I have three basic methods I use for cleaning aquarium rocks: vinegar method, peroxide method and bleach method.
Vinegar is great for rocks that just have a little algae build up, but not really any staining. It’s acidic and will help break down soft algae quickly.
Peroxide is a strong oxidizer that can usually clean off fairly medium toughness algae, like green beard algae.
But, if all else fails, I reserve bleach for the toughest cases, like green spot or black beard algae.
You have to be more cautious with bleach than you do with vinegar or peroxide. You’v got to try to prevent spills, try not to get it on your clothes and you’ll need to use a dechlorinator to make sure you get rid of it completely.
But, it will take off just about anything.
Never, ever wash aquarium rocks with soaps or other detergents. These can leave residues that are highly toxic to fish. Also, make sure that any buckets or scrub brushes you use for cleaning your aquarium have not been used for household cleaning, as residues can coat brush bristles and bucket walls, even if they’ve been washed.
1. Vinegar Method
- Vinegar – I use either white or apple cider vinegar whichever I have on hand.
- Empty spray bottles
- Scrub brush with plastic bristles
- Tap water
- Remove the rocks from your aquarium.
- Fill the spray bottles with a 50/50 mixture of water and vinegar.
- Spray to thoroughly coat the rocks in the vinegar mixture. Let sit for 5 minutes.
- Scrub the surface vigorously with the brush and rinse with water. Repeat as needed.
- The rocks are safe to be put back in the aquarium after a good rinsing.
2. Peroxide Method
- 3% hydrogen peroxide – just the normal stuff from the drugstore is fine.
- Empty spray bottles
- Plastic bristle scrub brush
- Fill the spray bottles with hydrogen peroxide.
- Remove the rocks from the aquarium.
- Spray peroxide all over the surface of the rocks and allow it to foam for about 30 seconds.
- Scrub the rocks with the brush and continue to let it foam up. You can add some more peroxide if the foaming has died down.
- Rinse the rocks in cool tap water and repeat spraying and scrubbing if needed.
- The rocks are safe to put back in the aquarium after a thorough rinsing with tap water.
3. Bleach Method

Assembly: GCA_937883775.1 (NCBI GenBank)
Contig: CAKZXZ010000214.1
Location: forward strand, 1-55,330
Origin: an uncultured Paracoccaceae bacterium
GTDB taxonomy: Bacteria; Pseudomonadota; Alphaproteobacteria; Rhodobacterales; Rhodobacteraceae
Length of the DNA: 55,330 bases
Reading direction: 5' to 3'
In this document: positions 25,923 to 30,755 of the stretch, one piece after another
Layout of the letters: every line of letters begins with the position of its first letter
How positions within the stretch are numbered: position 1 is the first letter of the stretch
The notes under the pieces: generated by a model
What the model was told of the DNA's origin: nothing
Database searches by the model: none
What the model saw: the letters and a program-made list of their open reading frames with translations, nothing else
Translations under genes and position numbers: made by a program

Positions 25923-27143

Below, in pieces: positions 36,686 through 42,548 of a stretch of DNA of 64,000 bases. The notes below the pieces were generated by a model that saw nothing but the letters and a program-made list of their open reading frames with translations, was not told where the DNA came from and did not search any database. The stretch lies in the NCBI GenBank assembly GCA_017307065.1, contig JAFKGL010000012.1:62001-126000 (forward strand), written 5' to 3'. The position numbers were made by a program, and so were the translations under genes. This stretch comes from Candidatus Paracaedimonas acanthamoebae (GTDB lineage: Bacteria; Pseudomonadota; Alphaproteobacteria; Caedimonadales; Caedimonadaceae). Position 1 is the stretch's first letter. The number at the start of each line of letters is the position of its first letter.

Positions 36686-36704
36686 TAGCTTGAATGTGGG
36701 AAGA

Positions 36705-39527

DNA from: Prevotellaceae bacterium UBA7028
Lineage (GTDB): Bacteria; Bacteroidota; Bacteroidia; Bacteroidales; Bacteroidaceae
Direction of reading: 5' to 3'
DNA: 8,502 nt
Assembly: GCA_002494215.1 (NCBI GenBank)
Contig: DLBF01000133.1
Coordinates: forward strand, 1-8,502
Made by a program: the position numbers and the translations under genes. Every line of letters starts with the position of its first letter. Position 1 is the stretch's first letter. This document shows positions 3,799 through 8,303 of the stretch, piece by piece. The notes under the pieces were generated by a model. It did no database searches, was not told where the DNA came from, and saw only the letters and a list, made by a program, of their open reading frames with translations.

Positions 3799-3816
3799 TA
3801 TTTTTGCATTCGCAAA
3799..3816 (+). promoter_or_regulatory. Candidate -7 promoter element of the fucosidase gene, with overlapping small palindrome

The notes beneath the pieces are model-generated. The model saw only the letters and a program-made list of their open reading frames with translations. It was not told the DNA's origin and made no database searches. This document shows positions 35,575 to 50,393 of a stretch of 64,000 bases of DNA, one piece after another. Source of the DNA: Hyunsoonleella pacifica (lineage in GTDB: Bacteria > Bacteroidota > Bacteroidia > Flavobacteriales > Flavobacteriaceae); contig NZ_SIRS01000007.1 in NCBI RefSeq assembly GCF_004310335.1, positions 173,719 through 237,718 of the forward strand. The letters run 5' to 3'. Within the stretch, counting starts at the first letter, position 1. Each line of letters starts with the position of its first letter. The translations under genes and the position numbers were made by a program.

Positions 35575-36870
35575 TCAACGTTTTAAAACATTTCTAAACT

I reserve this for the most stubborn stains and algaes, green spot is the most likely culprit to require bleach.
I know some people might be wary of using bleach for their aquarium rocks, but I assure you, I have used this method dozens and dozens of times on my own aquarium equipment and decor over the years.
- Plain bleach – must contain only sodium hypochlorite. DO NOT use “splashless” or scented bleaches. These contain additives that can leave toxic residues on your rocks. Cheap, old school bleach is what you need.
- Tap water
- Dechlorinator – I prefer Seachem Prime because it is highly concentrated.
- Remove rocks from your aquarium and place them in buckets. Bleaching rocks is best done in a bathtub or shower. Make sure to wear clothes you don’t mind getting bleach on.
- Mix 1 part bleach to 20 parts tap water. That comes out to roughly 6.5 fluid ounces per gallon.
- Submerge the rocks in the bleach solution in your buckets for several minutes, then pull them out and give them a quick scrub.
- Place the rocks back in the bleach solution for another 10 minutes or so.
- Usually, at this point, all the algae and stains have been removed from the rocks. If this is not the case, scrub and soak again.
- Once the rocks are clean, dump the bleach solution and rinse the buckets and the rocks with tap water until you can no longer smell bleach.
- Place the rocks back in the buckets and cover with clean tap water. Add a 5 times the normal dose of dechlorinator to the water and let the rocks soak for about 10 minutes. This will clear away any lingering bleach residue.
- Dump the water and the rocks are now safe to put back in the aquarium.
Algae and biofilm can really build up and begin to stain aquarium rocks, just making the tank look a bit dingy.
Luckily, there are lots of options out there to clear up all that gunk from your fish tank rocks.
Most of the time, vinegar or peroxide is all that’s needed to get them squeaky clean.
But, if something is just stubbornly stained, I highly recommend bleaching it.
I’ve used all of these methods more times than I can count. It’s always nice to clean up the algae and make it look like a whole new hardscape in the tank.
I hope you find this article helpful.
I wish you and your fish the very best!